Deaf History Essay Scholarships

Deaf History Unveiled

Interpretations from the New Scholarship

John Vickrey Van Cleve, Editor

Publication Year: 1997

Deaf History Unveiled features 16 essays, including work by Harlan Lane, Renate Fischer, Margret Winzer, William McCagg, and other noted historians in this field. Readers will discover the new themes driving Deaf history, including a telling comparison of the similar experiences of Deaf people and African Americans, both minorities with identifying characteristics that cannot be hidden to thwart bias. Other studies track societal paternalism toward deaf people in Italy, Hungary, and the United States. Adding to its intrigue, the new research in this milestone study provides evidence for previously uncredited self-determination of Deaf people in establishing education, employment, and social structures common throughout the Northern Hemisphere. Historians, teachers, and students alike will prize Deaf History Unveiled as a singular collection of insights that will change historical perspectives on the Deaf experience worldwide.

Published by: Gallaudet University Press

E-ISBN-13: 9781563681745
E-ISBN-10: 1563681749
Print-ISBN-13: 9781563680878
Print-ISBN-10: 1563680874

Page Count: 316
Illustrations: 20 photographs
Publication Year: 1997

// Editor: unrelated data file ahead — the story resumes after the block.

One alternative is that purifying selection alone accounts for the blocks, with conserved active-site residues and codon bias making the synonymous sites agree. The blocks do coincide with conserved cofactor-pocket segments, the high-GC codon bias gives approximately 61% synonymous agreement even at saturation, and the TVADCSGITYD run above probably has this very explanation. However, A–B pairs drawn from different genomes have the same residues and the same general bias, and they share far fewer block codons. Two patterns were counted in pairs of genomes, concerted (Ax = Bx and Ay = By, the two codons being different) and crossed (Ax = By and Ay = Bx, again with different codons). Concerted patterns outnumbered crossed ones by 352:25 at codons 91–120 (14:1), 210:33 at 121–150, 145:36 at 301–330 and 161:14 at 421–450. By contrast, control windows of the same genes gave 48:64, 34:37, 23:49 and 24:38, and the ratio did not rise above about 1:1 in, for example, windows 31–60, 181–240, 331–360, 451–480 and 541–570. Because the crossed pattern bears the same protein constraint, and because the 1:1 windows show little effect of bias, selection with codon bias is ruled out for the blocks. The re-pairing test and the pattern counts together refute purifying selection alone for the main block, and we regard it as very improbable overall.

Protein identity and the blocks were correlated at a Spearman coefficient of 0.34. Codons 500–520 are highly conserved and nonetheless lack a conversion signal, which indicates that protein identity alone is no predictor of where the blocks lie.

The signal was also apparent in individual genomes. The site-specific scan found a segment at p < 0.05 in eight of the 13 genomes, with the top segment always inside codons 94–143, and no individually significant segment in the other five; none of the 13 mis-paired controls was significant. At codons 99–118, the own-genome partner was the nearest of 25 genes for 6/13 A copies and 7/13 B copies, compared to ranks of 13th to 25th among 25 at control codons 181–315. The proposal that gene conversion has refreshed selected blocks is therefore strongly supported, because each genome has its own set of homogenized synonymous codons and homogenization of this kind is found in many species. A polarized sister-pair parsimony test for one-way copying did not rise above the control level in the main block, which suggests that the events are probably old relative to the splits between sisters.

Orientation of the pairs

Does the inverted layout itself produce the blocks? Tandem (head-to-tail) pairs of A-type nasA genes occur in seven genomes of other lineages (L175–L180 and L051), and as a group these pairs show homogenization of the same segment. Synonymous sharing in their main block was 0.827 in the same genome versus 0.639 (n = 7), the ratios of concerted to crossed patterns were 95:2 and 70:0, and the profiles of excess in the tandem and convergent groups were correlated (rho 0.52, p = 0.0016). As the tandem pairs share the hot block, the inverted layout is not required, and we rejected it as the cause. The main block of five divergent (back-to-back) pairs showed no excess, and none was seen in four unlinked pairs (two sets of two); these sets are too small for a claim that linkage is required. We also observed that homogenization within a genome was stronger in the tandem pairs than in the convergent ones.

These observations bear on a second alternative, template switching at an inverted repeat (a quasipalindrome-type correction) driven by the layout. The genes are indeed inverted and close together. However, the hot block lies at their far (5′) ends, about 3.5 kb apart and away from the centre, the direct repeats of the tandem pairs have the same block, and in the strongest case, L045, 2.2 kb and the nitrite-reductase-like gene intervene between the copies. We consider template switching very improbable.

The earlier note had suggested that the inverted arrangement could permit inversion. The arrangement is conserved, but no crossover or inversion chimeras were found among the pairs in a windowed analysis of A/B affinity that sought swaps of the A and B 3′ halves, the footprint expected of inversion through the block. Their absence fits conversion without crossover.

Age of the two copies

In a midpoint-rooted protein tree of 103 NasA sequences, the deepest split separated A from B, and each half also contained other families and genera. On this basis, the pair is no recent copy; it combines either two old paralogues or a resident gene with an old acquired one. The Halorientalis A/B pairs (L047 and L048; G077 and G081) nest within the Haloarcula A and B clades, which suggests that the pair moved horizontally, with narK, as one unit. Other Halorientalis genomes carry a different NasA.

OCLC Number: 44957997
MUSE Marc Record: Download for Deaf History Unveiled

Since the early 1970s, when Deaf history as a formal discipline did not exist, the study of Deaf people, their culture and language, and how hearing societies treated them has exploded. Deaf History Unveiled: Interpretations from the New Scholarship presents the latest findings from the new scholars mining this previously neglected, rich field of inquiry. The sixteen essays featured in Deaf History Unveiled include the work of Harlan Lane, Renate Fischer, Margret A. Winzer, William McCagg, and twelve other noted historians who presented their research at the First International Conference on Deaf History in 1991. Deaf History Unveiled travels from a monastery, in 16th-century Spain to banquets planned by and for Deaf people in 19th-century France, from the presses of a once-activist school newspaper in pre-Depression New Jersey to the founders & deaf education in Russia to the present. Readers will discover the new themes driving Deaf history, including a telling comparison of the similarities in experience among Deaf people and African Americans, both minorities with identifying characteristics that cannot be hidden to thwart bias. The paternalism of hearing societies resounds in separate studies of deaf education and the opportunities afforded deaf people in the United States, Italy, and Hungary. Adding to its intrigue, the new research in this outstanding volume provides evidence for the previously uncredited self-determination of Deaf people in establishing education, employment, and social structures common through-out the Northern hemisphere. Historians, teachers, and students alike will prize Deaf History Unveiled as a singular collection of insights that will change historicalperspectives on the Deaf experience worldwide.

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